I walk into the mall just in time to hear a woman with a thick Minnesota accent saying, "Please join us at the front of the store, where Brian Benson will soon be reading from his book, Going Somewhere."
I drop my eyes, power-walk past a huge picture of my face and make for the mall bathroom. I hope nobody has seen me. I do not look like a guy who "will be reading from his book, Going Somewhere." I look terrible. My eyes are red and puffy. My helmet has left a banana-shaped imprint in my forehead. I'm sweating through my shirt and feeling more than a little dizzy. Why? Because I rode 75 miles today, and it was hot and hilly and windy, and then I had to climb 700 feet to get to this Duluth Barnes & Noble, where I'm about to give the fourth reading of my Book Tour by Bike.
I wasn't supposed to be this beat. There had been a plan. I was to going to arrive last night, have a good sleep, spend hours walking the streets and thinking deep thoughts. I was going to feel recharged, strong, ready to give an A+ reading.
But, well, I got held up -- as one often does -- by good people, good places. And now I'm paying for it.
* * *
Four days ago, I pulled into Washburn, Wisconsin after a long ride through soupy Midwest heat. My hosts, Mike and Tonia, proceeded to spoil me rotten. They fed me ribs and beer and cobbler and ice cream. They drove me to the Delta Diner for an All-Time Top Ten breakfast, sent me on an awesome hike, invited dozens of people to my reading. They took me out for a swim in 49 degree Lake Superior, where I showed off my perfect diving form.
I didn't really want to leave. And so the morning of my departure, I lingered until noon. Once I did get on the road, I took my time, luxuriated in lake views and deep nostalgia. I'd ridden here years ago, with Rachel, so now I kept stopping, to pick these Bayfield berries, pee on those roadside hay bales.
Eventually, I remembered my plan: get to Duluth. So I buckled down and rode hard, over hills and into wind. And just as I was starting to pick up momentum, I came upon a familiar dirt driveway. It led to a house owned by Jennifer and Andrew, two people who'd been so good to Rachel and me during our ride. All day, I'd been planning to stop here. But now I was riding. I was in the groove. Or whatever.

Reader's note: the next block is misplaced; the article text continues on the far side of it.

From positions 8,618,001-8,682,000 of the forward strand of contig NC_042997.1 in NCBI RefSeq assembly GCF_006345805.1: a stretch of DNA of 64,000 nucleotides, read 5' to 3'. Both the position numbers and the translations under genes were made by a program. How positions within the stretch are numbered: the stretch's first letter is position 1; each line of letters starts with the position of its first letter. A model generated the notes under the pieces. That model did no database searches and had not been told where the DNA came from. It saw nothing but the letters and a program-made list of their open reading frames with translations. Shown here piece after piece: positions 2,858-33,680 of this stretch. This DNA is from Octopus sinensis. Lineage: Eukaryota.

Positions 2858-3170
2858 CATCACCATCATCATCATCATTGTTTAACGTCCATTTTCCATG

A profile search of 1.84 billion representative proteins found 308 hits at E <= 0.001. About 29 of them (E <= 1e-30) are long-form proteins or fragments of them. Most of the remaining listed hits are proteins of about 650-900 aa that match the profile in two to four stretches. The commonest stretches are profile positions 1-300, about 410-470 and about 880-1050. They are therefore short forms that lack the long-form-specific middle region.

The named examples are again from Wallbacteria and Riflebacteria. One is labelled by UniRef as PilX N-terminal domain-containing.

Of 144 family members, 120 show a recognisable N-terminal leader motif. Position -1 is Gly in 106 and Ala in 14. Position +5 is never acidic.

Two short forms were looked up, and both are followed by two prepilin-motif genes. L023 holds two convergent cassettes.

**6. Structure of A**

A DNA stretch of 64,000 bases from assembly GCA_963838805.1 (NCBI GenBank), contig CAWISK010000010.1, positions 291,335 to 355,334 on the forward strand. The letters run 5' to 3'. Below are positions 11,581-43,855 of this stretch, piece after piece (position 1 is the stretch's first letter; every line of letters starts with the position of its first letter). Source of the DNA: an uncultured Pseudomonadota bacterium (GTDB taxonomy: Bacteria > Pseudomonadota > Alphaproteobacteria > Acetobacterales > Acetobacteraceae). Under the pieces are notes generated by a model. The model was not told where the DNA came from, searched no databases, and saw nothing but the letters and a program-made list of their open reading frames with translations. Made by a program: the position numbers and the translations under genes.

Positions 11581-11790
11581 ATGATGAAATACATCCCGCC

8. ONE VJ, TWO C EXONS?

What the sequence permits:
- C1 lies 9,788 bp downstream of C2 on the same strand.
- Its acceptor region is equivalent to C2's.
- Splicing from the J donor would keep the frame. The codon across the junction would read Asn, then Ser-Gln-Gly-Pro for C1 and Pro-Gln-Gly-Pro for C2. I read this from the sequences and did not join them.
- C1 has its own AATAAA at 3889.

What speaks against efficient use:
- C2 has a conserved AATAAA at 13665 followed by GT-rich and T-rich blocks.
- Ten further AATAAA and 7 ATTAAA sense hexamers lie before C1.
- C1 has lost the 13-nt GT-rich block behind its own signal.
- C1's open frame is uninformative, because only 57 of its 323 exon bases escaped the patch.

I decided I'd swing through, have a hug, ride on. But then Jennifer and Andrew invited me to watch the World Cup. And they offered me ice cream hand-made by their daughters. And they were even sweeter and funnier than I'd remembered. Soon, we were cracking jokes like we'd been friends forever.
It was hard to say good-bye. Still, I made myself. Soon, I was again pushing hard, feeling good, up for pushing past sunset. But when I pulled up to a town called Herbster, I had to stop -- because how do you not stop in Herbster? -- and pedal to the lakeside park. And, well, when I saw that view, that liquid gold poured over Superior blue, I knew I was done. I set up the tent, opened a beer and toasted the sky.
And so this morning, the morning of my Duluth reading, I woke at five and packed and rode into the faint dawn light. At that hour, on that stretch, the only place open was the Port Wing gas station, so I stopped in, loaded up on food -- two granola bars, one donut, and one bag of something called "Louie's Finer Meats" -- and kept on. By midmorning, it was pushing 80. The wind was in my face. My legs were sore, and Louie's Meats were not making me feel fine. Still, I was riding through windswept pastoral paradise, so I was in pretty good spirits.
Then I hit the outskirts of Superior. Which, look, I like cities just fine. But after a long day, the last thing I want is to ride car-choked streets through industrial squalor. The final 10 miles were a slog, and by the time I pulled up to my Duluth hosts' home, I was having trouble standing, and was hardly prepared to goof off with Esmae and Elsa, the adorable girls who hovered behind their mom, Erin, as she showed me my room. But they were adorable, and Erin was kind and quick-witted, so I un-crossed my eyes, and soon enough, I, too, was giggling, as Elsa told me about her favorite character from Romeo & Juliet: a seal named Blubberbutt (I think he's a Capulet).
I left for the reading feeling good, refreshed. But the 700-foot climb to the bookstore reminded me real quick that I actually felt like a guy who'd ridden 80 miles while subsisting on Not-So-Fine Meats. In a daze, I locked my bike to a pole and made for the mall.
* * *
Now I'm in this bathroom, splashing water on my face, feeling a blankness between my temples and wondering how I'm ever going to read, speak, answer questions.
I leave the bathroom, walk into the bookstore, up to the front, where, the loudspeaker again tells me, "Brian Benson will be reading from his book, Going Somewhere." I see that 20 chairs have been set out. All but two are empty. I have ridden 80 miles, and climbed 700 feet, to read to two people.
I inch closer, take a breath. I see that the people are a mother and daughter. They're sitting up front, holding my book. Something inside me cracks.
I remember the words I thought, and wrote, a few weeks back. Words about this trip. Words like attentive, grounded, grateful. Suddenly, I feel all that and more. These lovely people have come to this store, in the Duluthian boonies, on a fleeting summer night, and even seeing this sea of empty seats, they walked right to the front. I swallow my pride. I smile. I introduce myself.
This, so often, is all it takes to change my day, my mind. One simple moment, tipping me from there to here, here to there.
These two, I tell myself, they came here for me. And so regardless of how I feel -- or maybe, because of it -- I'm going to be here for them.
For the most current pictures and stories from the Book Tour by Bike, check out my Instagram feed.
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